• Breaking News

    Southwest Airlines cuts revenue forecast on $60 million government shutdown hit, shares sink

    Southwest Airlines shares slipped Wednesday after the Dallas-based airline trimmed its revenue outlook for the quarter, citing a $60 million hit from the partial government shutdown.

    In the March quarter, the carrier expects its revenue per available seat mile, a key industry metric of how much airlines are making for each seat they fly a mile, to increase 3 to 4 percent in the first quarter from the same period of 2018. The airline previously said it expected revenue to increase as much as 5 percent in the quarter.

    Southwest shares slid more than 4 percent in afternoon trading Wednesday. Delta Air Lines, United Airlines and American Airlines were each down less than 1 percent.

    The 35-day government shutdown, which ended late last month, stalled the launch of new jets and routes, including Southwest's long-awaited service to Hawaii.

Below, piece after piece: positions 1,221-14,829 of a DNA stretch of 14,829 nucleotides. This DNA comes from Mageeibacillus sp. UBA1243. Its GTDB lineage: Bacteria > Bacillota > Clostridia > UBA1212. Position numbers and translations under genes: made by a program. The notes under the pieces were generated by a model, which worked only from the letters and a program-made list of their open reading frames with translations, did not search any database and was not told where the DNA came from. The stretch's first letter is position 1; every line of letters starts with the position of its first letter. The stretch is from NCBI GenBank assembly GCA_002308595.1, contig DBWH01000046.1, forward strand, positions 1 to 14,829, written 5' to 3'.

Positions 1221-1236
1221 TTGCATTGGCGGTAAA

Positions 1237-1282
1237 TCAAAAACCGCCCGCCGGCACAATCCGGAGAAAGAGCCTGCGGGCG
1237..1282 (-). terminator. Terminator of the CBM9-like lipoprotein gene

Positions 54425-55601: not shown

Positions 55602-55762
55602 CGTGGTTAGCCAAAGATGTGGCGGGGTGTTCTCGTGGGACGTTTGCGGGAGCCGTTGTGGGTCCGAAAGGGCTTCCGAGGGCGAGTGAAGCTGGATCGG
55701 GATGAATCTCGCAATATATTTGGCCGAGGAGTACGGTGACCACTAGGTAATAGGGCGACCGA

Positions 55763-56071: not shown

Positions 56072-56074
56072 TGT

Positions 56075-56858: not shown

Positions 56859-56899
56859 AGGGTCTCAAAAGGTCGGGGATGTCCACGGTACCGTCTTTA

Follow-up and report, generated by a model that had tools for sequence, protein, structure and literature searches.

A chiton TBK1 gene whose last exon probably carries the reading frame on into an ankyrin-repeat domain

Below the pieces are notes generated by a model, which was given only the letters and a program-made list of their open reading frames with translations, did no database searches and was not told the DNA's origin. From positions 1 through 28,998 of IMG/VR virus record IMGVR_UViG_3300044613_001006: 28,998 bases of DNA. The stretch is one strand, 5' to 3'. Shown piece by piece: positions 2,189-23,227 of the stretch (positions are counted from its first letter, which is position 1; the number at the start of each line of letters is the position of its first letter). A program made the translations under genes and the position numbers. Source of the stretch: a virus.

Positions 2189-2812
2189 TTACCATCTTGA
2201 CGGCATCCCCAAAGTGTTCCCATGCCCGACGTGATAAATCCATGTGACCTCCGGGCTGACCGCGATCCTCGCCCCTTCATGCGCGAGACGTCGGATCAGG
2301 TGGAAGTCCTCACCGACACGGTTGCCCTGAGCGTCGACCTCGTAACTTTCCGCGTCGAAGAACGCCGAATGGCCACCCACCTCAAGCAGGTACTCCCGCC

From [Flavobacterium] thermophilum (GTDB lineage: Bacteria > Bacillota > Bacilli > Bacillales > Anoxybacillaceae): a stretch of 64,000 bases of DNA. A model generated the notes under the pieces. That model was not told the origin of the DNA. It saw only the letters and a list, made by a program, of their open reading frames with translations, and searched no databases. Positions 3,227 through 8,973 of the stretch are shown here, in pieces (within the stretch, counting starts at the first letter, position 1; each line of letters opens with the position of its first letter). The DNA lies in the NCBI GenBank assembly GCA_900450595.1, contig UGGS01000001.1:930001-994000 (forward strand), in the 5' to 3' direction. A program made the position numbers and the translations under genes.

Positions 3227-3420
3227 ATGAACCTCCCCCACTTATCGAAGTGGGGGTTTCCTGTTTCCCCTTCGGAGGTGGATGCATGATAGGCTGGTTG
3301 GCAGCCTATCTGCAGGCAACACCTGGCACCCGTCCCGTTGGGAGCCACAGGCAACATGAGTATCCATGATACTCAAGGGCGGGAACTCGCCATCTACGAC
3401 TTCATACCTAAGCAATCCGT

It also meant lost revenue with government workers and contractors not traveling during the impasse.

    Southwest last month estimated the shutdown cost it $10 million to $15 million in revenue in January.

    "Since then, the company has continued to experience softness in passenger demand and bookings as a result of the government shutdown," Southwest said in a filing Wednesday, forecasting the $60 million hit. The amount is small considering its overall revenue. For example, in the fourth quarter, Southwest generated a record $5.7 billion. Analysts expect Southwest to post first-quarter revenue of $5.35 billion, according to FactSet.

    The airline added that it has seen strong last-minute booking demand and fares so far in the first quarter.

    Goldman Sachs downgraded the airline's stock on Wednesday to a sell rating from neutral, saying it would be too costly and that it would have to offer steep discounts to get travelers on board because of the launch's delay.

    Read More<

    Niciun comentariu